The Story Continues…
It’s been 77 days, about two and a half months, since National Geographic Grantee and photojournalist Carlton Ward, bear biologist Joe Guthrie, filmmaker Elam Stoltzfus, and conservationist Mallory Lykes Dimmitt set out into the lush, wild landscape of the Florida Everglades. The group plans to cover 1,000 miles in 100 days beginning at Flamingo Bay at the southern most tip of Florida, through the Everglades, all the way to the Georgian border. An outdoor enthusiast’s dream, the group has traversed large expanses of grassy land, kayaked through placid swamps dense with mangroves, and biked along vast stretches of countryside as the sun sank slowing into the foreground.
The element of adventure is eminent; however, their journey calls attention to a much more sobering issue. Florida, although an ecological hub for biodiversity, is subject to alarmingly fast urban expansion. The Florida Wildlife Corridor Expedition (FWC) aims to bring education and awareness to Floridians as well as those watching around the country through video, news, and of course, stunning photographs. Together the team addresses the question, “what do we have to lose?” by allowing the fragmentation of natural landscapes and watersheds to grow.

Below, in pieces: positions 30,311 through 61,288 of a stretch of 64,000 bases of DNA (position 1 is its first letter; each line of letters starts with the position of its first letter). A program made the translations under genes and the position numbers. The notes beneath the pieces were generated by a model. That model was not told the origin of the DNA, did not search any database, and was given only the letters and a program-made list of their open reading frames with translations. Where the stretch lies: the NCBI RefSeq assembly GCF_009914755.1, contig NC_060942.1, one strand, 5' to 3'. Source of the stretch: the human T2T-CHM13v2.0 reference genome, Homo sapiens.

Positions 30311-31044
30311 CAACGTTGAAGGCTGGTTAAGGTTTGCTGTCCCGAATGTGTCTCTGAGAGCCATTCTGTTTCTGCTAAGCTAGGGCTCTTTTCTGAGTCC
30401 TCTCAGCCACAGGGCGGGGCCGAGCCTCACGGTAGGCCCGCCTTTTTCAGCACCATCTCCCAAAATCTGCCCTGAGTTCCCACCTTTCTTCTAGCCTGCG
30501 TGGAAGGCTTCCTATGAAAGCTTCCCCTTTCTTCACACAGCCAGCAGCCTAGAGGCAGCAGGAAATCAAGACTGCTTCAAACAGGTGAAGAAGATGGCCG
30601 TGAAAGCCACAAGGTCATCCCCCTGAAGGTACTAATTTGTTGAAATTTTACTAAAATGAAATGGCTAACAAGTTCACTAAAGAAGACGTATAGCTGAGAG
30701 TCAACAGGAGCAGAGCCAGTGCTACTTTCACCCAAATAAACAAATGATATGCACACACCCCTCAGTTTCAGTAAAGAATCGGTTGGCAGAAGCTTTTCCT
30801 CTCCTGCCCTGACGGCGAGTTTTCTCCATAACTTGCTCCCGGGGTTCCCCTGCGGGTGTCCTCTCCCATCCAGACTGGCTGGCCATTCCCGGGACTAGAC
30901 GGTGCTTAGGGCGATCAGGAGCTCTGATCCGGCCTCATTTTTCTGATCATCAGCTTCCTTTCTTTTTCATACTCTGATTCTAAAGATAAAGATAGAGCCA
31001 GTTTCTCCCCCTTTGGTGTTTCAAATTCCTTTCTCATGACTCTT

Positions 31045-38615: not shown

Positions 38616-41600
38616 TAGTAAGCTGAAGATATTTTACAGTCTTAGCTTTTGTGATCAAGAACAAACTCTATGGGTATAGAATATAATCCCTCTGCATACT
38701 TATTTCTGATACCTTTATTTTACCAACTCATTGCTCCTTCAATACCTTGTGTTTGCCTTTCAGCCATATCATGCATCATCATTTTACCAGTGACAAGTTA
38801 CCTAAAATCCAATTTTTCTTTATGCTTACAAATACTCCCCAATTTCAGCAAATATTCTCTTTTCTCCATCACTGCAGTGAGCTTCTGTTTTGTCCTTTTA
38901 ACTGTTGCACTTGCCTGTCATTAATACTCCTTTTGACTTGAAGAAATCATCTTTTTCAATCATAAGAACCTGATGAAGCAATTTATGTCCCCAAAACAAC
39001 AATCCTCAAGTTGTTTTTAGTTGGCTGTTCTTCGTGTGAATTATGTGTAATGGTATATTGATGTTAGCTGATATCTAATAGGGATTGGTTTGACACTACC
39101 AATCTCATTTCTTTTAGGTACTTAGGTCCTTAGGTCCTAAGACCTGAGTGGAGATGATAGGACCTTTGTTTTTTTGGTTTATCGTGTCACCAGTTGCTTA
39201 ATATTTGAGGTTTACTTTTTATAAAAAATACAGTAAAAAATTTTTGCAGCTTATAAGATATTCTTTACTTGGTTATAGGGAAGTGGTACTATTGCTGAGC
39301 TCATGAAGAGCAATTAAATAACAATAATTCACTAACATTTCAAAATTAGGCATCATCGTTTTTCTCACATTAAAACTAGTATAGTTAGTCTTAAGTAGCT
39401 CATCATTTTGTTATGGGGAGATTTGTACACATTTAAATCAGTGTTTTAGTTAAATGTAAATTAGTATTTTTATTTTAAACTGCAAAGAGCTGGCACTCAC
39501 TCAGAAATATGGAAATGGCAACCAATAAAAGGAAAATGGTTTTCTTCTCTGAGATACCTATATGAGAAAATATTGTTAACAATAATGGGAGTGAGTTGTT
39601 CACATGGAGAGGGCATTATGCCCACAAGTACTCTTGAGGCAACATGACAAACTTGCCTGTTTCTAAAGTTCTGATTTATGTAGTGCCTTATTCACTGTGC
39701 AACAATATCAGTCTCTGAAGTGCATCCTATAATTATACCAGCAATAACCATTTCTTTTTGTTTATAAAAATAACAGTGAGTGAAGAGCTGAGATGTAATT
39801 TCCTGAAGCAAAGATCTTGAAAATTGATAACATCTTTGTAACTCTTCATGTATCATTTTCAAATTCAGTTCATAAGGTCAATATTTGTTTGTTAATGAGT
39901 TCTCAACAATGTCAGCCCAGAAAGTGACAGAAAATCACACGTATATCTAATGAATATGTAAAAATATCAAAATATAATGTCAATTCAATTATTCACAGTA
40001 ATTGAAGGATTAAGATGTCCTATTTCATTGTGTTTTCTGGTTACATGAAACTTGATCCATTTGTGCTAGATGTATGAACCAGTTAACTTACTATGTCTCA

Get a sense of Florida’s amazing flora and fauna and follow along with FWC’s National Geographic supported Geostory– an interactive map that allows you to view photographs taken along each leg of the expedition.
How can you see and learn more? Glad you asked.
FWC Youtube Channel– Check out weekly video updates and interviews.
@FL_WidlifeCorridor– Don’t miss a single part of the action, follow the FWC on Twitter.
Expedition Route Map– Learn where the team was yesterday and where they’ll be tomorrow.
FWC Blog– Hear it straight from team members, Carlton Ward and Joe Guthrie.
Want to help save the Florida Everglades too? Take Action.